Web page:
Chestnuts Roasting… in The Oven

The story of the chestnut is a familiar one: An American native, it has been all but wiped out during the past century. The invader: A foreign blight. These days, very few people have seen a true American Chestnut tree — but thanks to Nat King Cole and The Christmas Song, roasted chestnuts are still a romanticized element in our holiday celebrations. And though you may not have an open fire to roast them over, you can still live out that romantic celebration with home-roasted chestnuts. As it turns out, the roasting part is easy; finding the chestnuts will be your biggest challenge.

Hunting for Nuts

Chestnuts are a fall crop. Thanks to the ongoing chestnut blight, the biggest growers are in Europe and China. That means, from the time your chestnut falls to the forest floor, it sits for several weeks in a warehouse or cargo hold before it reaches your grocer. Worse, chestnuts are fragile and require constant refrigeration. What you find on your store shelves today may be a far cry from the ideal: mushy, moldy and simply unappealing nuts.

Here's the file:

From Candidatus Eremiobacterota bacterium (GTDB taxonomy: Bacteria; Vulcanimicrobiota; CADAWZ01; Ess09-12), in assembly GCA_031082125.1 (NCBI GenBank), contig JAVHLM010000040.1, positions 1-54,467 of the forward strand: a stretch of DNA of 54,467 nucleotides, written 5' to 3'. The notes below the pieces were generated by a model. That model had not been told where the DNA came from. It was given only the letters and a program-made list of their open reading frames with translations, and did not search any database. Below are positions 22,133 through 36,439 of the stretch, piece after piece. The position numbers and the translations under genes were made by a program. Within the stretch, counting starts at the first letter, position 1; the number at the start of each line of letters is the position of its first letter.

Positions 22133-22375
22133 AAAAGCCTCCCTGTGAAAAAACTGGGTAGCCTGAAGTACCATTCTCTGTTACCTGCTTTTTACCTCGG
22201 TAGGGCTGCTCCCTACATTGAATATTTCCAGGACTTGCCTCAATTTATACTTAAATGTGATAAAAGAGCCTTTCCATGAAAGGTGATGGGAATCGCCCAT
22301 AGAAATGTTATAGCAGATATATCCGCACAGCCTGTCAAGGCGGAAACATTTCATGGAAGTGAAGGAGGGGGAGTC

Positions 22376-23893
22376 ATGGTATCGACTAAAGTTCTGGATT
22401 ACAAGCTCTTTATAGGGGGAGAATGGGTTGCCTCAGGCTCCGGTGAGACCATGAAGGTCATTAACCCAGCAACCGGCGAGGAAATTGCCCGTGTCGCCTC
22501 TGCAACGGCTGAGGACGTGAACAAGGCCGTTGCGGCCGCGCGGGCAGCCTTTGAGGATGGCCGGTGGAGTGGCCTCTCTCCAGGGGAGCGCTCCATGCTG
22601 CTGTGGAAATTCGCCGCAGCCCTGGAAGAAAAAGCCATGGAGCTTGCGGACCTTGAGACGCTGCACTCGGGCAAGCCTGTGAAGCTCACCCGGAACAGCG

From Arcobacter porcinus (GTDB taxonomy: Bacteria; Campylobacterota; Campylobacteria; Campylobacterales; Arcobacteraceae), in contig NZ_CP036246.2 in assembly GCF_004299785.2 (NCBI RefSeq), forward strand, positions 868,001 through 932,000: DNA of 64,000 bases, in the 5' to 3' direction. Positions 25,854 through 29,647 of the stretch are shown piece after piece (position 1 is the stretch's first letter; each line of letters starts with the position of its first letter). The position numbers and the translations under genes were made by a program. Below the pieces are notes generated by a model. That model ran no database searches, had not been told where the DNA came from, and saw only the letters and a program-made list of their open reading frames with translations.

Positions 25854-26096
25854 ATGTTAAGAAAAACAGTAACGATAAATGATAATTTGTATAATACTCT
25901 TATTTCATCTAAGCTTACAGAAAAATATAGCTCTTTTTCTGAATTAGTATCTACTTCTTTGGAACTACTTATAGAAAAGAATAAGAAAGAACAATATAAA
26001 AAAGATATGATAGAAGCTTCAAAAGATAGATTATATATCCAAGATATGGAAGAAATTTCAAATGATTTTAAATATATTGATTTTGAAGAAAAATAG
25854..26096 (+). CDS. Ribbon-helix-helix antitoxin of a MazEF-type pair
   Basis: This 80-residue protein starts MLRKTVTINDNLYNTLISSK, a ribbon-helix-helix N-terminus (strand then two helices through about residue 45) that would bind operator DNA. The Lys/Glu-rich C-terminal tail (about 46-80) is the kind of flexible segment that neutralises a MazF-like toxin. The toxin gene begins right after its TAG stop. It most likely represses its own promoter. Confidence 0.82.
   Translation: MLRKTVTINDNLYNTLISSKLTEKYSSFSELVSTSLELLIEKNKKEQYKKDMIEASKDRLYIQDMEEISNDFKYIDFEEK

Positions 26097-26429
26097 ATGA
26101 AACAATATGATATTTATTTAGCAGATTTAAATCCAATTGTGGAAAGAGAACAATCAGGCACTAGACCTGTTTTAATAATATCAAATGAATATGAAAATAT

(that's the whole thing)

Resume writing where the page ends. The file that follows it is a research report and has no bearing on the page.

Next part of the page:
The simplest solution: Go get your own. If you happen to know of a chestnut grove, you can gather your own right off the ground during the autumn. Of course, you won’t find many in December. But if you live in the Eastern United States, you can probably find a local grower who’s been storing chestnuts for just this occasion. You might even be able to order some for delivery; try Samascott in New York, Empire Chestnut in Ohio, Forest Agriculture in Wisconsin, or Chestnut Charlie’s in Kansas.

Last resort: Chestnuts in a jar. Yes, they will probably be in better shape than the ones from the grocery store. Just watch out for added chemicals used to preserve them.

The Perfect Roast

Once you’ve obtained those lovely chestnuts, the roasting part is easy. Using a sharp knife, cut an X in the rounded end (this keeps them from exploding as they heat up). Bake them at 425 degrees for at least 15 to 20 minutes, up to 35 minutes for very large nuts. You’ll know they’re done when the shells burst open and the nuts inside are golden brown.

Peel and enjoy your roasted chestnuts with a glass of red wine, or try pureeing them for a rich, starchy chestnut soup.

image: Alpha

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